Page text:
MANHUNT: DEADLY GAMES, now available in its entirety on Spectrum on Demand and Spectrum streaming, dramatizes the real-life FBI search for serial bomber Eric Rudolph. While some of the characters are composites, Rudolph is portrayed by Jack Huston.
Huston, grandson of filmmaker John Huston, is no stranger to playing real people. He portrayed poet Gerard Malanga in FACTORY GIRL, Jack Kerouac in KILL YOUR DARLINGS, King Charles II in the miniseries THE GREAT FIRE, and Robert Kennedy in THE IRISHMAN. Huston’s fictional characters include Jack Harrow in BOARDWALK EMPIRE and Felix Babineau in MR. MERCEDES. Later this year, Huston will be seen in the fourth season of FARGO.
At a Q&A session for MANHUNT: DEADLY GAMES, Huston is asked how he manages to play a character as dark as Eric Rudolph so convincingly.
Huston replies that he takes the question as a compliment. “He was an interesting character to approach because he is reprehensibly terrible. He was a narcissist, he was a complete sociopath. And as [MANHUNT creator/executive producer] Andrew [Sodroski] and [director/executive producer] Michael [Dinner] were saying, we have an opportunity in this, through ten hours, to really delve into these characters. Eric was a fascinating person to get into because he was a master manipulator. He was an actor. Her performed and managed to sort everything to his own benefit. And he would contradict and claim he was doing it for the anti-abortion, the anti-gay [movement], the Army of God. When you really got down to it, after the research that I did, because there’s actually zero recording or video footage of Eric Rudolph, but there’s a lot of writing, most of it his own, you find out that it was all an act. He turned on his own family. And he’d been planning it for years. So this is someone who was just bad at his core.
“The main thing is, I didn’t want to glorify him, because a lot of these programs and films and shows can glorify these killers, and there was nothing to glorify in this. He was truly bad, and he murdered and acted without a conscience. It’s very important for us to explain that he became a celebrity because he evaded the FBI in the Nantahala Wilderness for five years. That became a story unto itself, and people all started supporting him. They started thinking he was this sort of hero, out doing God’s work, and that wasn’t the case. So hopefully, we are going to really get to experience the truth of this. And a lot of people still don’t even know that Richard Jewell [wrongly accused of bombing the Olympics, played in MANHUNT by Cameron Britton] wasn’t responsible for this, and that’s the saddest part. It was Eric Rudolph. There’s no question. Eric Rudolph. That’s the end of it.”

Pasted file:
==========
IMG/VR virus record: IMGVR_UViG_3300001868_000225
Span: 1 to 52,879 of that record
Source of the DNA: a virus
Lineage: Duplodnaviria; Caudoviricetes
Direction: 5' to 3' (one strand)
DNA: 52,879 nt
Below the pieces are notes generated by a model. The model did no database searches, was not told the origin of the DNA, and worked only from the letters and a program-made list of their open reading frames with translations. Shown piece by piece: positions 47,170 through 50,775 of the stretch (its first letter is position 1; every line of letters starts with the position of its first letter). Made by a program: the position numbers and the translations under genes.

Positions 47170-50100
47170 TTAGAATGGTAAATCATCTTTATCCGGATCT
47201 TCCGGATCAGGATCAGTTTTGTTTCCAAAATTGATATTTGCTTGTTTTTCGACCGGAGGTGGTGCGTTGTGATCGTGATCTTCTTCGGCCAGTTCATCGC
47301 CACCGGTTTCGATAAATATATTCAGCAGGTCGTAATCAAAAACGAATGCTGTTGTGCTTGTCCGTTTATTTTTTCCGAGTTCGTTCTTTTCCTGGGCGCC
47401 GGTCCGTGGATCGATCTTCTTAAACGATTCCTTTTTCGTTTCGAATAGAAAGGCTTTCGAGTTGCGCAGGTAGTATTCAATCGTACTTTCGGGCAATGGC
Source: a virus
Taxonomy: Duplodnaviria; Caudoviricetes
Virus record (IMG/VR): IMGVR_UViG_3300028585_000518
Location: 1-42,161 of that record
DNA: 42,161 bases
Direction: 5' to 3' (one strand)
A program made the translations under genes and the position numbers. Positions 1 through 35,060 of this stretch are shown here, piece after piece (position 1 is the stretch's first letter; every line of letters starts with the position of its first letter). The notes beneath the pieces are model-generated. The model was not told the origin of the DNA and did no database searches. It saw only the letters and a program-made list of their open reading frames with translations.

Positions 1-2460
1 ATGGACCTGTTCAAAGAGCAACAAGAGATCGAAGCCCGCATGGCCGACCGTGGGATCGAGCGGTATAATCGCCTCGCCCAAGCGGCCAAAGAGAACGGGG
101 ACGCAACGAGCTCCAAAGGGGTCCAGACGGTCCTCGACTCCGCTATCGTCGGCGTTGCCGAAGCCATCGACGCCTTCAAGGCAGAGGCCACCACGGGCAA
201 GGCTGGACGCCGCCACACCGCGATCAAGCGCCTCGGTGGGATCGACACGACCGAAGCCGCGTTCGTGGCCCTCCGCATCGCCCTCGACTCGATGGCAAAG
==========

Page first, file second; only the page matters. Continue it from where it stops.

When the Q&A ends, Huston answers a few more queries.
ASSIGNMENT X: In all the research you did for MANHUNT, did you have to learn anything about bomb construction, wilderness survival …?
JACK HUSTON: Survival, I would say. We were doing a lot of that. Like I said, I didn’t want to in any way glorify Eric Rudolph, but it was remarkable that the man had existed, survived, in the Nantahala Wilderness, evading the FBI, for five years. That on its own is one of the most incredible feats. And he wrote his memoirs, I think it’s called LINES OF DRIFT: THE MEMOIRS OF A MILITANT – this is really funny, I was going online, trying to order his book. It took me from one place to another, and suddenly I [thought] I was looking too much into Eric Rudolph, a bomber. I thought suddenly the FBI might wonder about this. So I got all freaked out, and I had to go to Andrew and say, “Can you get me the book, because I don’t want to do it online anymore, because I’m going to get tapped as a possible militant, as someone to watch.” So he got it for me, and [the book] was amazing, because a lot of it is very self-serving, but it gave a lot of insight into his survival, how he got through it. And we spent a lot of time in the woods, doing this, in the caves, working. I was in those woods on and off for four months.
AX: Did you shoot in the actual Nantahala Wilderness?
HUSTON: We were in Pittsburgh, mainly, but it was amazing. It was pretty rough going, because we were at the height of summer, and all the rest of it, so there were flash floods, and having storms with lightning and thunder, but it was amazing. It was a great experience, and a character that was difficult to play, but I went deep.
AX: Were the caves real caves?
HUSTON: Yeah, we were all over the place. It was amazing, it was beautiful. It’s stunning, the woods that we were in. We really got to develop this character, because like I said, there was only the [written material], but one had the interpretation. I got to interpret and take artistic license and really turn him into a three-dimensional character.
AX: What would you most like people to know about MANHUNT: DEADLY GAMES?
HUSTON: I think it’s a fascinating story. I’m from England, so I actually didn’t know the entire story. I knew of the Olympic Park bombings – I didn’t actually know what happened. And when I read it, it was like, you can’t write this stuff. And this is the opportunity to really tell everybody’s story. And it wasn’t a short thing. [For the wrongly-accused Richard Jewell], this was death by media, it was a trial by media. Richard Jewell was down, and actually, [the record might never have been corrected] if it wasn’t for the [ATF agent] Earl Embry character, who Arliss [Howard] plays, and Jack Brennan [the FBI agent played by Gethin Anthony], and all these people who came together and actually stuck with it and actually were the people who brought down Eric Rudolph, finally, after the longest manhunt, I believe in history.
This interview was conducted during Spectrum’s portion of the Winter 2020 Television Critics Association (TCA) press tour.
Article Source: Assignment X
Article: Exclusive Interview with MANHUNT: DEADLY GAMES actor Jack Huston on playing a real-life serial bomber